A report by James Devine for Fansided.
Come on a Voodoo journey with us as we continue to look back on the movies that may have been forgotten or just need a little love. This one? It all starts with a Serpent and the Rainbow…
The year was 1985, anthropologist and researcher Wade Davis compiled research he had undertook and compiled it into a book titled “The Serpent and the Rainbow: A Harvard Scientist’s Astonishing Journey into the Secret Societies of Haitian Voodoo, Zombis, and Magic“, which contained studies on Voodoo, Zombies and poisons in Haiti.
Books were hot properties in the 1980’s, with studios taking options on adapting them to the big screen to see if they could equal the success of their paper bound counterparts. Mr Davis’ book was no exception and led to the production of the 1988 Film which took the shorter title “The Serpent and the Rainbow“.
The obligatory plot synopsis from the IMDB page:
In 1985, after a successful research in Amazonas, Dr. Dennis Alan from Harvard is invited by the president of a Boston pharmaceutics industry, Andrew Cassedy, to travel to Haiti to investigate the case of a man named Christophe that died in 1978 and has apparently returned to life. Andrew wants samples of the voodoo drug that was used in Christophe to be tested with the intention of producing a powerful anesthetic. Dr. Alan travels to meet Dr. Marielle Duchamp that is treating Christophe and arrives in Haiti in a period of revolution. Soon Alan is threatened by the chief of the feared Tonton Macuse Dargent Peytraud, who is a torturer and powerful witch. Alan learns that death is not the end in the beginning of his journey to hell.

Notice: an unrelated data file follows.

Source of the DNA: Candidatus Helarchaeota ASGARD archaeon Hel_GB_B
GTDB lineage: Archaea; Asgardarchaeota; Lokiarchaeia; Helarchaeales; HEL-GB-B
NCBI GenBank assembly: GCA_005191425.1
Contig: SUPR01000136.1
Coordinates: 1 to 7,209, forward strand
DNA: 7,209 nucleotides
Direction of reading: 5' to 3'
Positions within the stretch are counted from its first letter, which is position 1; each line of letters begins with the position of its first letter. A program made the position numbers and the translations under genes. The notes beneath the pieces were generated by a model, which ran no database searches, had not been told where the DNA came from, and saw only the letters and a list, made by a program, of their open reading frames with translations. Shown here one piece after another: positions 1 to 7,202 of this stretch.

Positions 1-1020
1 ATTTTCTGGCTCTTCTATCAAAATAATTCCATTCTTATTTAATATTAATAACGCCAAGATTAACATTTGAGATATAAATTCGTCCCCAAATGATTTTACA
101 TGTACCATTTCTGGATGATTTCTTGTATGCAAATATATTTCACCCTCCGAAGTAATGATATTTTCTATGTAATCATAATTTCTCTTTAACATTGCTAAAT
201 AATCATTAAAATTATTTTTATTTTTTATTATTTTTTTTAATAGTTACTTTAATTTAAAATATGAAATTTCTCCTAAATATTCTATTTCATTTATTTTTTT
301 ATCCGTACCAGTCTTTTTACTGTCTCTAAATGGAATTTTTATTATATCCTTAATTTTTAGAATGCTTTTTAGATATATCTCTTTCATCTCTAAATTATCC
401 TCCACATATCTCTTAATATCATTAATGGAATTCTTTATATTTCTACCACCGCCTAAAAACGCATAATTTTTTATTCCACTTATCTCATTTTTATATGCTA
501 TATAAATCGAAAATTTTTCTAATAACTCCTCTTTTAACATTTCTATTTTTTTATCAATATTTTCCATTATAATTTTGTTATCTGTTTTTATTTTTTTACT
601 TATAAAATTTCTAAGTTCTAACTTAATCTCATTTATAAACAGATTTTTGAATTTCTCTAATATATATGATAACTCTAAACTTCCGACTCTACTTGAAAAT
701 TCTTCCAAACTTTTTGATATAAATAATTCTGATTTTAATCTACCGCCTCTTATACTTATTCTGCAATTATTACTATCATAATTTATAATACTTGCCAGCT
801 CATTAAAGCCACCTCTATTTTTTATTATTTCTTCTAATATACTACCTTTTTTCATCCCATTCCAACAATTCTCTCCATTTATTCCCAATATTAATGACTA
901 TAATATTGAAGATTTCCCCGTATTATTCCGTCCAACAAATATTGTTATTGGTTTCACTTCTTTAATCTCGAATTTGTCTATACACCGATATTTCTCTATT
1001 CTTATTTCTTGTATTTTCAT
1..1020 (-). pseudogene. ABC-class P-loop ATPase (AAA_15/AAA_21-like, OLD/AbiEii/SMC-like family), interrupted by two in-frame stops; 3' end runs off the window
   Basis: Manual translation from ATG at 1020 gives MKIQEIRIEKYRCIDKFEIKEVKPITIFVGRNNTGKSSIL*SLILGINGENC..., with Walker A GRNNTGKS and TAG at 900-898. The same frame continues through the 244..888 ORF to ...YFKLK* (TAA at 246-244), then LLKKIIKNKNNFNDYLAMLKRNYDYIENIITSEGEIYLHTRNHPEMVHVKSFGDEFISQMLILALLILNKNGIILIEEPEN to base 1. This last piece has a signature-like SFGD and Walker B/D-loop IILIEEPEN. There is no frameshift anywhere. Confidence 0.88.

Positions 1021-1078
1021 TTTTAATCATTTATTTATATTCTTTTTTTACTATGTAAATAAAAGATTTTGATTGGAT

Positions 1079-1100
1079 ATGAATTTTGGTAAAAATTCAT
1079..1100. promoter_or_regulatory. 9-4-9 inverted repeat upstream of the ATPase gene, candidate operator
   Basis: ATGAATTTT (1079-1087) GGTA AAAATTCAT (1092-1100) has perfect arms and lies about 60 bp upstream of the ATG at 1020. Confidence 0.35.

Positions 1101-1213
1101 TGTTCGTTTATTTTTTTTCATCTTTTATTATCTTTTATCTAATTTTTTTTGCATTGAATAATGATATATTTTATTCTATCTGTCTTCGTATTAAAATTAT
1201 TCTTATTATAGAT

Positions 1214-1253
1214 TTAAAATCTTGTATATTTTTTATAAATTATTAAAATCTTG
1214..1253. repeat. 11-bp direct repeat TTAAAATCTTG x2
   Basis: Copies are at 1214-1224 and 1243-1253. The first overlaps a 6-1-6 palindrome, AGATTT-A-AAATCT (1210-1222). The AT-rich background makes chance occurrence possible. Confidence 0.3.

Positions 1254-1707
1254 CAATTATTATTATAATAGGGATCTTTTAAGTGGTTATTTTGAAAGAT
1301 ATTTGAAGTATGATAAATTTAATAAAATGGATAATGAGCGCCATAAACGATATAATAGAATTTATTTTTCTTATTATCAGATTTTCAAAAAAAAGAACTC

Release and thoughts
The Serpent and the Rainbow was released in 1988 in 1430 screens for a total US domestic box office of $19,595,031 on a budget of just $7,000,000, making the movie a financial success. Critical response at the time was mixed, but one stand out review came from none other than Roger Ebert who gave the movie a solid 3 stars.
In my opinion, this is one of the better obscure Horrors out there that can fall into multiple genre categories, going from Fantasy, Horror, Thriller to Mystery through the 98 minute run time. The late, great Wes Craven was, and always will be, a master of the Horror genre, but he certainly knew how to mix elements of Fantasy with the brutality of Horror. You need look no further than Wes Craven’s own A Nightmare on Elm Street for the proof that the man can mix it up at the drop of a hat (or fedora for that matter).